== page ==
66 episodes

Fr. Dustin Lyon explores scripture to rediscover Christianity so that we can walk in the Way of the Lord.

The Way The Ephesus School

    • Religion & Spirituality
    • 4.8 • 6 Ratings

Fr. Dustin Lyon explores scripture to rediscover Christianity so that we can walk in the Way of the Lord.

    "Thank you, O Lord!"

    "Thank you, O Lord!"

    As many of you probably know, one of the most famous Orthodox theologians of the 20th century was Fr. Alexander Schmemann. He was dean of the seminary I went to (St. Vladimir's), and his life's work was to teach about the Eucharist (which means, "thanksgiving").

    He died on December 13, 1983, but his last liturgy was on Thanksgiving Day. Since Thanksgiving was this week, I thought it'd be appropriate to recount his words here. It was entitled, "Thank you, O Lord!"

    • 3 min
    The Impossible Burger and the Fast

    The Impossible Burger and the Fast

    This week, the Nativity Fast began for Orthodox Christians around the world. This 40-day period, is a time in which we prepare for the Nativity of our Lord according to the flesh.

    But, as we watch our diets and take meat out of our lives, an important question comes up: is the impossible burger permissible? It’s not technically meat, but it looks, smells, and tastes like meat …

    So, does it fit the fast?

    The Bottom Line: when we fast, we have to be sure we don’t miss the forest for the trees.

    • 7 min
    Theophanies (Type-Scene 4)

    Theophanies (Type-Scene 4)

    If I were to ask you what feast Christians celebrate on January 6th, what would you say?

    It probably depends on which Christian tradition you were brought up in. If you are a western Christian, you’d probably say “Epiphany.” But, if you’re an eastern Christian, you will probably respond “Theophany” instead.

    Now, they are the same feast and, at the same time, they aren’t. There are some major theological differences in the emphasis between east and west, but, I’m much more interested in the difference between the words.

    What exactly does “Epiphany” mean and what exactly does “Theophany” mean? And, what does the difference in definition tell us?

    The Bottom Line: Our 4th type scene is “Theophanies,” which is a revelation of God.

    • 16 min
    The Woman at the Well (Type-Scene 3)

    The Woman at the Well (Type-Scene 3)

    In the Gospel of John, we hear the story of Jesus meeting a Samaritan woman at a well. Most sermons focus on the foreignness of the Samaritan woman: her identity as a “Samaritan” is contrasted with Jesus’s identity as a “Judean.” This then leads the preacher to speak about the inclusive nature of the Gospel.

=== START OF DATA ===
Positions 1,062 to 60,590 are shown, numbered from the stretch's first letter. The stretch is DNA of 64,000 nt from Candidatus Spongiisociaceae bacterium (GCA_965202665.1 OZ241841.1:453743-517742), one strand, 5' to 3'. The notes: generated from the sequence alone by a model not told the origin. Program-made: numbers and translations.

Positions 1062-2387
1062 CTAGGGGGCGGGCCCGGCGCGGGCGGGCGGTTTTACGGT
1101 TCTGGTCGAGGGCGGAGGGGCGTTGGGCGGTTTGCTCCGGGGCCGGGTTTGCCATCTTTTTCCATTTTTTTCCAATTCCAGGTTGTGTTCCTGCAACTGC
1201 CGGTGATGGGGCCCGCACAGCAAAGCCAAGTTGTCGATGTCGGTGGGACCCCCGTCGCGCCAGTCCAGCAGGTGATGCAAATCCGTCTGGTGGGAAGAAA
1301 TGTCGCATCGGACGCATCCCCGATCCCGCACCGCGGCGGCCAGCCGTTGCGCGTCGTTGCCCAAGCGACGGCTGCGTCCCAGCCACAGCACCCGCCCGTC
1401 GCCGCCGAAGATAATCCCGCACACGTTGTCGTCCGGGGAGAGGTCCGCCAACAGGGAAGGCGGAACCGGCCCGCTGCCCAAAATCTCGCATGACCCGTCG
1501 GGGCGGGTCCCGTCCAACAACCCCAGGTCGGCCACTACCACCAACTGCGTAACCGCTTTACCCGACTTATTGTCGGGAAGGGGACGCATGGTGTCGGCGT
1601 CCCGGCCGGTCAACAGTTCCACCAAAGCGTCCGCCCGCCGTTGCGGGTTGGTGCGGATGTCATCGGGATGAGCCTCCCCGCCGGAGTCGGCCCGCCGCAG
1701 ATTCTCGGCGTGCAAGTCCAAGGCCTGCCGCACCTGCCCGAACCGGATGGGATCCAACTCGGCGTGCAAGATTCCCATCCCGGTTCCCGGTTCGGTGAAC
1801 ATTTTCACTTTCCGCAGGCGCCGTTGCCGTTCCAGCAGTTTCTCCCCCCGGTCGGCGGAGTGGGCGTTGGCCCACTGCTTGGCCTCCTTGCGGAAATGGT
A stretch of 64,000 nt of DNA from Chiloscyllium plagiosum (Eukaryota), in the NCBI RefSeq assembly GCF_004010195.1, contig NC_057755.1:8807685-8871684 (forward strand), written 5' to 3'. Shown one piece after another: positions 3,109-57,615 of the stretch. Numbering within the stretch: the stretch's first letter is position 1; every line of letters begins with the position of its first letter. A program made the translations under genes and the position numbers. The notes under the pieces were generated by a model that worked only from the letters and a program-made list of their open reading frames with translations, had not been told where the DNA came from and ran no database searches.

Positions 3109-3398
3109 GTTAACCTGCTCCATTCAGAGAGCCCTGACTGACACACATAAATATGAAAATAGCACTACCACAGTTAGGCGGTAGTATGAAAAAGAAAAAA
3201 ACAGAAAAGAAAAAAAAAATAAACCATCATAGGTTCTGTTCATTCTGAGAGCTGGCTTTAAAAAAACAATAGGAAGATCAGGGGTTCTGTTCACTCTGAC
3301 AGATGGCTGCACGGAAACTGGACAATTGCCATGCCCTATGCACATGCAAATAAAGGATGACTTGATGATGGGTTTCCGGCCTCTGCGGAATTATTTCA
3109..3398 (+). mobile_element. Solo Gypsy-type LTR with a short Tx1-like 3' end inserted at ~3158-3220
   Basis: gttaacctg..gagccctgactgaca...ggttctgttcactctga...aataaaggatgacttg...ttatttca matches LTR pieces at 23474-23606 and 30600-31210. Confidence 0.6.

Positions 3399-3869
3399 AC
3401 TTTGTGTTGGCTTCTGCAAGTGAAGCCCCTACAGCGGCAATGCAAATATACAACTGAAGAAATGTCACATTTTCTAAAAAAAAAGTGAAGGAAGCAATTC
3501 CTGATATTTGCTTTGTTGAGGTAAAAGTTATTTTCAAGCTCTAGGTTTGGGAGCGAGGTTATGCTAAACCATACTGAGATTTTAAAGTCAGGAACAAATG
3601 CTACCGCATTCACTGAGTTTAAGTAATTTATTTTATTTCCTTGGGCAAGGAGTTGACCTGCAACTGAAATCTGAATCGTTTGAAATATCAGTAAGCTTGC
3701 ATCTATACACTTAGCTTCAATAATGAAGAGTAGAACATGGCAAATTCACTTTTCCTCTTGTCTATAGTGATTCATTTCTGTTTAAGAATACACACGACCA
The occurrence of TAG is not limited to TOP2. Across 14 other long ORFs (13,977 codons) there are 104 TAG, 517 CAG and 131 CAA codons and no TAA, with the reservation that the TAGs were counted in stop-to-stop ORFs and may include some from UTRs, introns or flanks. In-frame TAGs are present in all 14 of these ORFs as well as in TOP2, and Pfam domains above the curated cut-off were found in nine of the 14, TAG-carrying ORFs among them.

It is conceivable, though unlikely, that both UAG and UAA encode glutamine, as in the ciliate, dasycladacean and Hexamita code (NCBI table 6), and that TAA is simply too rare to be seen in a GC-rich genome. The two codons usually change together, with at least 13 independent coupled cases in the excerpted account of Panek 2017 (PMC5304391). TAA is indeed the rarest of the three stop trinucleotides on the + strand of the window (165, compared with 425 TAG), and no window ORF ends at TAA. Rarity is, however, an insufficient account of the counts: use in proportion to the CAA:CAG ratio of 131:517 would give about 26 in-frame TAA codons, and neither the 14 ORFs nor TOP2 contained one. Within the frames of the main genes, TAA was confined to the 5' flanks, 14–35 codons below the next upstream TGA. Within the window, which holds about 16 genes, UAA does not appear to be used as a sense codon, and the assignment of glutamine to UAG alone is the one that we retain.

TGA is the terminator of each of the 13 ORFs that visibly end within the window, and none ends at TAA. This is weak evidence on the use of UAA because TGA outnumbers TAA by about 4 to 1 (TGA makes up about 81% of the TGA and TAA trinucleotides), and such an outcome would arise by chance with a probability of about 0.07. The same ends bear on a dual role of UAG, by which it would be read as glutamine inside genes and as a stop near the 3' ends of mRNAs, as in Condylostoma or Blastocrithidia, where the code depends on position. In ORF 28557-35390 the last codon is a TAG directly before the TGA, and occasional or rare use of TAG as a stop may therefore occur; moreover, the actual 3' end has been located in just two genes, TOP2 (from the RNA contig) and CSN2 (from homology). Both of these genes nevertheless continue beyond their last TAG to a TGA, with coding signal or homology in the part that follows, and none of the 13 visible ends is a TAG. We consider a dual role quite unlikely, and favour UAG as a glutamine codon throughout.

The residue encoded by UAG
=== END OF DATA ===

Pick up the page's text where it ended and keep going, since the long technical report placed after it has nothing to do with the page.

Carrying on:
However, this scene is a type-scene, one that goes back to Genesis. So, if it’s a type-scene, we must ask: what is the hearer supposed to recognize about this scene?

    Well, the answer is that we’re supposed to recognize that two future spouses are meeting. This is their introduction to each other, an introduction that’ll eventually lead to wedding bells.

    Now, this story—about Jesus and the Samaritan woman—just got interesting. If this scene is really an “encounter with a future spouse,” what then is John trying to say? What’s his point?

    The Bottom Line: When two folks at a well meet, their just might be wedding bells about to ring!

    • 24 min
    The Barren Women in Scripture (Type-Scene 2)

    The Barren Women in Scripture (Type-Scene 2)

    One motif that appears over and over again in the Bible is the image of the barren woman.

    All the matriarchs of Genesis had problems having children: Sarah, Rebekah, and Rachel; and
 the motif appears again in the New Testament: St. John’s mother had a hard to time having children too.

    Why would this motif appear so often in scripture?

    What literary purpose does it serve for the authors of scripture?

    What’s the spiritual meaning?

    The Bottom Line: The motif of the barren woman reminds us that it’s God who bestows life.

    • 15 min
    The Cross, Archaeology, and Orthodox Hymns

    The Cross, Archaeology, and Orthodox Hymns

    If you could go back in time and speak with a 1st-century Roman about crucifixion and how the empire used them, what would they say?


    They might say that "... By [the cross] barbarian nations are subdued, by it the scepters of kings have been secured …"

    Or, they might say that the cross, “"... grant[s] victory to the faithful over the enemy …"

    If they had said either of those things, they would be absolutely correct!

    The cross was an instrument of torture that the Romans used to keep subjected peoples—such as Galileans, Judeans, and other nations—in line. The Romans wanted to instill fear to prevent uprisings and revolts against them.

    But, isn’t that we Christians also say about the cross? That it grants victory and subdues barbarian nations?

    Yes … yes it is. So, how can both the Romans and the Christians say the same thing about the cross? After all, one put people on crosses while the other hung on them.

    The Bottom Line: For Christians, God’s victory comes through defeat!

    • 11 min

Customer Reviews

4.8 out of 5
6 Ratings

6 Ratings

Jporjohnny ,

Great teaching

Love this podcast and everything on the Ephesus School. Great contextual analysis through the biblical languages. Right on Father Dustin!

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